One of the classic methods of marketing centers around the idea of bundling; i.e. getting people to pay for lower-quality merchandise by pushing sheer quantity over quality. This strategy isn’t always successful, but when it works it can work brilliantly.
When I was a teenager growing up in the late 1960’s and early 1970’s, music was sold via vinyl records. The “hit” songs were played on the radio, thus creating artist familiarity and product demand. Radio stations of the day would sometimes play the “B” side of the record but most often they only played the “hits.” In other words, they weren’t playing the “misses” on the radio.
In a stroke of marketing genius, however, someone somewhere got the idea to bundle the musical misses and missteps on the “B” side of the vinyl records. When 33-RPM records came along, this trend was amplified because there was more room than ever. Make consumers think they were buying not only the artist’s latest hits, but throw that filler material in there too. Sometimes with certain artists the filler material could be brilliant too. However, most of the time it was just filler material.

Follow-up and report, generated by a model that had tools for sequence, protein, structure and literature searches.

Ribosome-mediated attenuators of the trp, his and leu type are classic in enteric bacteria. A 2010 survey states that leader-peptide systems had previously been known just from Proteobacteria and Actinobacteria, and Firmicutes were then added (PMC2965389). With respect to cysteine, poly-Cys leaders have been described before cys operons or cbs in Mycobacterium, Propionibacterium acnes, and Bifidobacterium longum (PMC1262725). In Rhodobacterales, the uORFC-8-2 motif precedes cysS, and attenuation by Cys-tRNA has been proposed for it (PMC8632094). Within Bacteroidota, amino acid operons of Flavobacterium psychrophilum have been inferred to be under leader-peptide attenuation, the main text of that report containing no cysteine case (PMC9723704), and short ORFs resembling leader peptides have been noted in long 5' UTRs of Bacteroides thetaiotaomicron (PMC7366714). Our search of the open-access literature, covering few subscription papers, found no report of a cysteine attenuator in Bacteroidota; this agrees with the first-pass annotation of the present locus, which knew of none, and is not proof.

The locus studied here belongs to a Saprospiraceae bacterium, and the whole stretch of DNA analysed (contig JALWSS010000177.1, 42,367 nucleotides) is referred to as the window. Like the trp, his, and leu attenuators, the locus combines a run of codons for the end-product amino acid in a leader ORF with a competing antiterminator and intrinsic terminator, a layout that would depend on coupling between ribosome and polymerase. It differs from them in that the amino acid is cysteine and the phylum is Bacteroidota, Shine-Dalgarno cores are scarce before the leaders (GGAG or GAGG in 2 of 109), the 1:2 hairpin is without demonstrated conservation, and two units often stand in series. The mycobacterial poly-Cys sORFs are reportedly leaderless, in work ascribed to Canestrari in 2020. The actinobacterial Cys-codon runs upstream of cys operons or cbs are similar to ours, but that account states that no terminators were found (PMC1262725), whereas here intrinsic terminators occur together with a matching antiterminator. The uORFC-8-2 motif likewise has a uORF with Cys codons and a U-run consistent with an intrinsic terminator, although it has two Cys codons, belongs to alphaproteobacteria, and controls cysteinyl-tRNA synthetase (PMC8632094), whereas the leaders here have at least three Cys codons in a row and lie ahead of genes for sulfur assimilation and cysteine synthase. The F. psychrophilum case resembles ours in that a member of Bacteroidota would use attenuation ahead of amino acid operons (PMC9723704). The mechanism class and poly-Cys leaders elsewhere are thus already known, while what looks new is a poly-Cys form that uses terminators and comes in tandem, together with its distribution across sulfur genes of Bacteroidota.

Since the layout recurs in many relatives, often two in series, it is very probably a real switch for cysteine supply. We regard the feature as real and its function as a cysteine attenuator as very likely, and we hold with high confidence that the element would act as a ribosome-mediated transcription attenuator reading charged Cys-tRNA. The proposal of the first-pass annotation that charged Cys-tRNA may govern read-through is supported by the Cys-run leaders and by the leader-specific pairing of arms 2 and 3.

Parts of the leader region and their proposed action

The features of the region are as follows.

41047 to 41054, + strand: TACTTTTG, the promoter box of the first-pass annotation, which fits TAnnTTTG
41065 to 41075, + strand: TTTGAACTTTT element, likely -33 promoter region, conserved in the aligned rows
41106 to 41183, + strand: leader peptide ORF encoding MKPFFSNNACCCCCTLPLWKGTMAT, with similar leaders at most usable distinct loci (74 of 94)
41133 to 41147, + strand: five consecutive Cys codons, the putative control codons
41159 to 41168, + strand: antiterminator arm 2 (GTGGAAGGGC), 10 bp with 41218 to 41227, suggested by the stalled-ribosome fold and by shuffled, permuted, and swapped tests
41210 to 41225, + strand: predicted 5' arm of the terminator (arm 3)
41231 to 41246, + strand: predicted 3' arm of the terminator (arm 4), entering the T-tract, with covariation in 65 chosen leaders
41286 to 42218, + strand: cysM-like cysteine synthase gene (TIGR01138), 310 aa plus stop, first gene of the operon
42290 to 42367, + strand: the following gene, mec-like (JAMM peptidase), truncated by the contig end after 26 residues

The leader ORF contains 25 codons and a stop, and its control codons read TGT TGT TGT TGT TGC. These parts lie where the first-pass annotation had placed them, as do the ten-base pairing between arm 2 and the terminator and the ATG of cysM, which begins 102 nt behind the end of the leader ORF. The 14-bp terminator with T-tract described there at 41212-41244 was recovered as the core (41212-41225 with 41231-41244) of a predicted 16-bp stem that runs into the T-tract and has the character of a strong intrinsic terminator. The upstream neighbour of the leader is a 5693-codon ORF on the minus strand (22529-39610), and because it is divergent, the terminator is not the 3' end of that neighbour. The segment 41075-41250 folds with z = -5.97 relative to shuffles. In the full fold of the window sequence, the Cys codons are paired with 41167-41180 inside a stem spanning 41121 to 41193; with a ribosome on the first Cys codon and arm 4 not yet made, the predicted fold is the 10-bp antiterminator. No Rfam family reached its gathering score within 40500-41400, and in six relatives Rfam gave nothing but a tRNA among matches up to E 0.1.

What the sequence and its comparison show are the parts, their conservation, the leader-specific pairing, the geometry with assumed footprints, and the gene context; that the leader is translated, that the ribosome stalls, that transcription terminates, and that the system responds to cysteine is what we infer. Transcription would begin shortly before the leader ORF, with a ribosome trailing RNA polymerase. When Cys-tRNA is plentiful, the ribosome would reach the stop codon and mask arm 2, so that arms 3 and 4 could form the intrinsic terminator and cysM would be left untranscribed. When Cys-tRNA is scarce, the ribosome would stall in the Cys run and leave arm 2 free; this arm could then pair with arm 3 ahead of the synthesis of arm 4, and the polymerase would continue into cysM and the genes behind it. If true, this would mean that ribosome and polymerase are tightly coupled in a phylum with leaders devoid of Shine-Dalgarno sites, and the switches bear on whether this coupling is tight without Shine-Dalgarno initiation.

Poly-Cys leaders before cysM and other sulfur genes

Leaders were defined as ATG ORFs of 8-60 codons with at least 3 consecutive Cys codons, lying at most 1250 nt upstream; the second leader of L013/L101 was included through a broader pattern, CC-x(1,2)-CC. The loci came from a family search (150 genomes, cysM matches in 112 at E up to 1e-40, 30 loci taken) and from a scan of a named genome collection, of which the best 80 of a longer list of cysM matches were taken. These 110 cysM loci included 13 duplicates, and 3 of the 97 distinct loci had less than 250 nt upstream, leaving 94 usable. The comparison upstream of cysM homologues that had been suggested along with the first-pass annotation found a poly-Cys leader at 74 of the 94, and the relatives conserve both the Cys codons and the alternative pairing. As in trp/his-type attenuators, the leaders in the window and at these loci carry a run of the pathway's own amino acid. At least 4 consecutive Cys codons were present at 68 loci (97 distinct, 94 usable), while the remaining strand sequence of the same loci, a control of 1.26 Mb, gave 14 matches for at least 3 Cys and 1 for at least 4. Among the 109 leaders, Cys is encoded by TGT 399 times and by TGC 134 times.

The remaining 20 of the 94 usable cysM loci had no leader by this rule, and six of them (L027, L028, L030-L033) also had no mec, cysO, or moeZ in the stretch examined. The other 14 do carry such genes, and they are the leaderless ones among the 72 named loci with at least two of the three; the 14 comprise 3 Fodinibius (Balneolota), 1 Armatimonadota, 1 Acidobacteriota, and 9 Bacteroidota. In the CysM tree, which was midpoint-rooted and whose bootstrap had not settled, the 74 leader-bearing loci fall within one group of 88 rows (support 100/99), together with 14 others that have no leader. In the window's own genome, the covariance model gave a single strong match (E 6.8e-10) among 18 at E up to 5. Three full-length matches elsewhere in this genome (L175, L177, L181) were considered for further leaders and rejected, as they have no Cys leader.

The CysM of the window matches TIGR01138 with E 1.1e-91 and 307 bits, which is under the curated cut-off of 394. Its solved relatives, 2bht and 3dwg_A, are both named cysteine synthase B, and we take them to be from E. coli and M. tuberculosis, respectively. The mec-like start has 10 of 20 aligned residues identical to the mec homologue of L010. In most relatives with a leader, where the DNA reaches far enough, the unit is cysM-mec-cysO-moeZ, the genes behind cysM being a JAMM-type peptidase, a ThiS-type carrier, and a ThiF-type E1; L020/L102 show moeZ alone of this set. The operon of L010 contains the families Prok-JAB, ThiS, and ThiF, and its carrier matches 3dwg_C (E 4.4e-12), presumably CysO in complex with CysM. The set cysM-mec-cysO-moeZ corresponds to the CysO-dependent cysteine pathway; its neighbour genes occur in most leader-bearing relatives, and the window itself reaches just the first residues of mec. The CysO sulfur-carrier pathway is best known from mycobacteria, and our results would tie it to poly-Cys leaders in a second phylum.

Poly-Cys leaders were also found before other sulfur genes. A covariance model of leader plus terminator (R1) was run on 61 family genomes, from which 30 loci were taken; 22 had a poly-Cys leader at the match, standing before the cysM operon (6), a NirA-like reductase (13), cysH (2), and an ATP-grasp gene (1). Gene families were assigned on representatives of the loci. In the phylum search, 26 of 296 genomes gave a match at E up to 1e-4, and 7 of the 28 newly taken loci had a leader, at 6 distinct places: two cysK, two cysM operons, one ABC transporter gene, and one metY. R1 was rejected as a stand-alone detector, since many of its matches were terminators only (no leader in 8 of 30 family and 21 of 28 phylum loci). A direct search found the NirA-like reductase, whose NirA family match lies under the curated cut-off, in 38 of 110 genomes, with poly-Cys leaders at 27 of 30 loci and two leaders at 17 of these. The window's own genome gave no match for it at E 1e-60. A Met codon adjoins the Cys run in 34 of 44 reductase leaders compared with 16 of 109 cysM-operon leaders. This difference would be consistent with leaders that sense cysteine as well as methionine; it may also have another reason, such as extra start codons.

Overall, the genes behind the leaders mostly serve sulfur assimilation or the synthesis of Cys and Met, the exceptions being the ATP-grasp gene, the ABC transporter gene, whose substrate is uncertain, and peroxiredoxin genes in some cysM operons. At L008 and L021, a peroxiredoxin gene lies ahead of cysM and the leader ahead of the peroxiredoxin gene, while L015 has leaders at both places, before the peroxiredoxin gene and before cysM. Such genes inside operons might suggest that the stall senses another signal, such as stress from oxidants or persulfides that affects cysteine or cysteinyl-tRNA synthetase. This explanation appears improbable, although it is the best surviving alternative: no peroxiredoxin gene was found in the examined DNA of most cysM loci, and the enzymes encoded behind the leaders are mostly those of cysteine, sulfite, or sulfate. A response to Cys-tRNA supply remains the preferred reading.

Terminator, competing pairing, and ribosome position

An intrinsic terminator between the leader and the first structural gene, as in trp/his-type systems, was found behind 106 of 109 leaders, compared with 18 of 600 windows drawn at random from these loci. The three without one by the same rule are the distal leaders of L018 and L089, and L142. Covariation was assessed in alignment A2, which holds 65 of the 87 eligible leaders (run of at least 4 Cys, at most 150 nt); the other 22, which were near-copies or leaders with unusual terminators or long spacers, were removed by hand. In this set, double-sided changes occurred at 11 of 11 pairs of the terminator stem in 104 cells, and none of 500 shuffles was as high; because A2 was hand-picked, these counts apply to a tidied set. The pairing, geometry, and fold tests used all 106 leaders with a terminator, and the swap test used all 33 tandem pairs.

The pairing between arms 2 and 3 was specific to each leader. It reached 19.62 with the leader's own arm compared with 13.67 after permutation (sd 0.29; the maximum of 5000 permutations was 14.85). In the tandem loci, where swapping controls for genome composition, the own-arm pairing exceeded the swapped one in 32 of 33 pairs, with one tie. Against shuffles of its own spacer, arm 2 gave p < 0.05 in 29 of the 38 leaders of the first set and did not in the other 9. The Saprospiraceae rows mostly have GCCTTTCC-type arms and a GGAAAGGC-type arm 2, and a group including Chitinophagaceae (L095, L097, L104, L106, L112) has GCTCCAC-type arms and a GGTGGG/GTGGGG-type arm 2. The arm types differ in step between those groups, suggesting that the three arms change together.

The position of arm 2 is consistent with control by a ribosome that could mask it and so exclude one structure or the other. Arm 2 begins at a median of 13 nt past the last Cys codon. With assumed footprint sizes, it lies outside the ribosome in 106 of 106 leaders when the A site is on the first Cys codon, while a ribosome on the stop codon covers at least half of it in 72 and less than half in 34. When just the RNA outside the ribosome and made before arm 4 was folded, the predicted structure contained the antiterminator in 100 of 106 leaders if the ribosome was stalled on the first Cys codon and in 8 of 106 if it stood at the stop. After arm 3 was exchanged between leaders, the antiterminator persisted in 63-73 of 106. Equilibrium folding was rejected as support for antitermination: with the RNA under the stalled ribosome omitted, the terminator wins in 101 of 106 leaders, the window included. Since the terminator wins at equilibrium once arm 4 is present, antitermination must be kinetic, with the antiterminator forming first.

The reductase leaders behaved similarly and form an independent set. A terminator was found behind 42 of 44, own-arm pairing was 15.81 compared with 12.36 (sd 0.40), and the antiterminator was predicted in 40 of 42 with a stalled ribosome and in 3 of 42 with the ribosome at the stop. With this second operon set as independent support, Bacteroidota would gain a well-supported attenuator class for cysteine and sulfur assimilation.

This strategy mostly worked until digital recording and playback techniques, combined with the Internet, caused massive changes in the way people manufactured, discovered, marketed, and purchased music. For a variety of reasons, today people tend to only want to buy what they consider to be the very best “hits” from services such as iTunes, and there’s little to no market for the “filler” misses.
The same marketing concept has been used via bundling to get people to pay for “filler” cable TV channels. Want a “good” channel such as Discovery, TLC, or History? Sorry sir, that sandwich only comes with pickles, mustard and horse radish – take it or leave it.
What consumers often fail to realize is that substantial portions of their cable TV and/or satellite bills are paid directly to bundled channel providers that they probably never watch. Bundled mediocrity gets rewarded.
Why are you mindlessly paying good money for bundled channels you probably don’t know the names of? Stop rewarding bundled mediocrity. Turn off your cable or satellite subscription. I promise you – your heart won’t suddenly stop beating. The world won’t suddenly come to an end.